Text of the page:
Or there are problems created by social expectations and treatment based on one’s apparent physical maturity. If one is 14 and appears 12, looking so much younger can result in being discounted or even pushed around. Sometimes a young man will try to dress more grown up to pass for older. If one is 14 and appears 16, looking an advanced age can result in pressure to act that way. Sometimes a young woman will cloak herself in bulky clothes to conceal her maturing body because she is not ready for the attention this appearance change can bring.
It can be very hard for a mature looking adolescent to resist the attention of older peers who invite her or him to act their age. Viewed as old as you appear, peers and adults can make unrealistic assumptions about what you know and want and have experienced based on your looks. So when you start looking sexually mature, there can be a social expectation that you are inclined to act that way.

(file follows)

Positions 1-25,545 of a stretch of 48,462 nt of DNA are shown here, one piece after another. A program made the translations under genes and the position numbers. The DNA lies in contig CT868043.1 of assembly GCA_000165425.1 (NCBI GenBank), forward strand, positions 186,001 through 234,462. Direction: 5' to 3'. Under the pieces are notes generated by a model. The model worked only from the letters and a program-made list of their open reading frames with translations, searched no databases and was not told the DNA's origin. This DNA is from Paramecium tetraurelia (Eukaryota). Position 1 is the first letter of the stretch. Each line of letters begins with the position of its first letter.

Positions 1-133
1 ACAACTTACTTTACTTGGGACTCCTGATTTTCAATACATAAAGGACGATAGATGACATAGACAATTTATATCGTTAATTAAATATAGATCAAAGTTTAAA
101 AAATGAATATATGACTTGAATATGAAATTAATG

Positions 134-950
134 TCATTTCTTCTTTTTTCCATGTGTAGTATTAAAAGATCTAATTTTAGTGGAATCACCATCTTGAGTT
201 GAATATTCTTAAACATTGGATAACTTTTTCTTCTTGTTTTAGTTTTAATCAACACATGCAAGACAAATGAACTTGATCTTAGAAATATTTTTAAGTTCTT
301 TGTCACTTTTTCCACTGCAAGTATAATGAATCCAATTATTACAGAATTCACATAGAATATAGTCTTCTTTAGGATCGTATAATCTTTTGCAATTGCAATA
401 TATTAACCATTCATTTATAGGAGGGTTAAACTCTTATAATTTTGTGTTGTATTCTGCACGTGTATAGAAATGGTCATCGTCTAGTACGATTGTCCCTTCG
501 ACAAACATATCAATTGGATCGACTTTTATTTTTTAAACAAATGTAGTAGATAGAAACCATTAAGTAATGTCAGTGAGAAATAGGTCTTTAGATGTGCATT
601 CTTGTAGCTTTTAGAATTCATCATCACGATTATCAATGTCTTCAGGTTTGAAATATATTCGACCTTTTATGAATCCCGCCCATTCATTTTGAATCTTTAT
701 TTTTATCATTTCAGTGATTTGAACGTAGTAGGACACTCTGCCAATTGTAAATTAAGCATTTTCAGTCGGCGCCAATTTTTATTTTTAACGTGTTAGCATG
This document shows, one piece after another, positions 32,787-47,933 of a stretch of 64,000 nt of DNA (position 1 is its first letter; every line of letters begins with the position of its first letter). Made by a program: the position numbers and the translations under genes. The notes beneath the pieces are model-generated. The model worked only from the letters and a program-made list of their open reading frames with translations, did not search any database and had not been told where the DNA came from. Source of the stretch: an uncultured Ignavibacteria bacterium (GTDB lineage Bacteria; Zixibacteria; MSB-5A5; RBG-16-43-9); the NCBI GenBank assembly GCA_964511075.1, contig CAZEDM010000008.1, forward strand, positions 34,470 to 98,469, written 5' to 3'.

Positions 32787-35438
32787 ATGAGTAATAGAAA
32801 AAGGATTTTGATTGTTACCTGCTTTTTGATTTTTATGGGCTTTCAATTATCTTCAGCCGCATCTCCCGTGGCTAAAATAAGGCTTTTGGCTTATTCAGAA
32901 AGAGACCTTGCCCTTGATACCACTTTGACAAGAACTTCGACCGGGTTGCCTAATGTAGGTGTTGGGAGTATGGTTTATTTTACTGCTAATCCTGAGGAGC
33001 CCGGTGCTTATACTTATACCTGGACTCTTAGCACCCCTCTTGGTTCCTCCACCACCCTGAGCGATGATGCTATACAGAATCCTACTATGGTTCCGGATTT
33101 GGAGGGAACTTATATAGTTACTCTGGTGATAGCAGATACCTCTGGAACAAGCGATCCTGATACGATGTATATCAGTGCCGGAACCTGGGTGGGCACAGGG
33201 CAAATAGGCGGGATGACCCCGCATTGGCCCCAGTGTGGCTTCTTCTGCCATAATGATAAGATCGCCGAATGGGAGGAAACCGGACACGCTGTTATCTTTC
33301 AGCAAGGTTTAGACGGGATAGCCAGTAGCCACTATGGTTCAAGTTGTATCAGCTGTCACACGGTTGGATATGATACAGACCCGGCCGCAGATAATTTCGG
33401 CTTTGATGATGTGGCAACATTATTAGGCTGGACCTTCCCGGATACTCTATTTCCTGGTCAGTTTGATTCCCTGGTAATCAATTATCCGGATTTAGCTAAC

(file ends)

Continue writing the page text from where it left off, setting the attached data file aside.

And now you can get a fast reputation you didn’t earn. So the eighth grade boy, muscular and large and lightly bearded, becomes a sexual threat in the eyes of some parents who warn their daughters away from the young man. Explain his parents: “He’s just a middle school kid in a young man’s body, but they’re treating him as some kind of predator.”
When looking mature, there can be an expectation to go with friends to the middle school dance, a social challenge that a young person may refuse because acting more grown up this way does not feel comfortable yet. Puberty can create an awkward social time.
How Parents Can Help
To offset the ill effects of puberty on issues of personal appearance, here are a few things parents might consider doing.
Explain physical changes that can come with puberty so the young person knows what alterations to normally expect.
Respect the importance of looks and how appearance now socially matters more.
Understand the fashionable look the young person is adopting and what it signifies.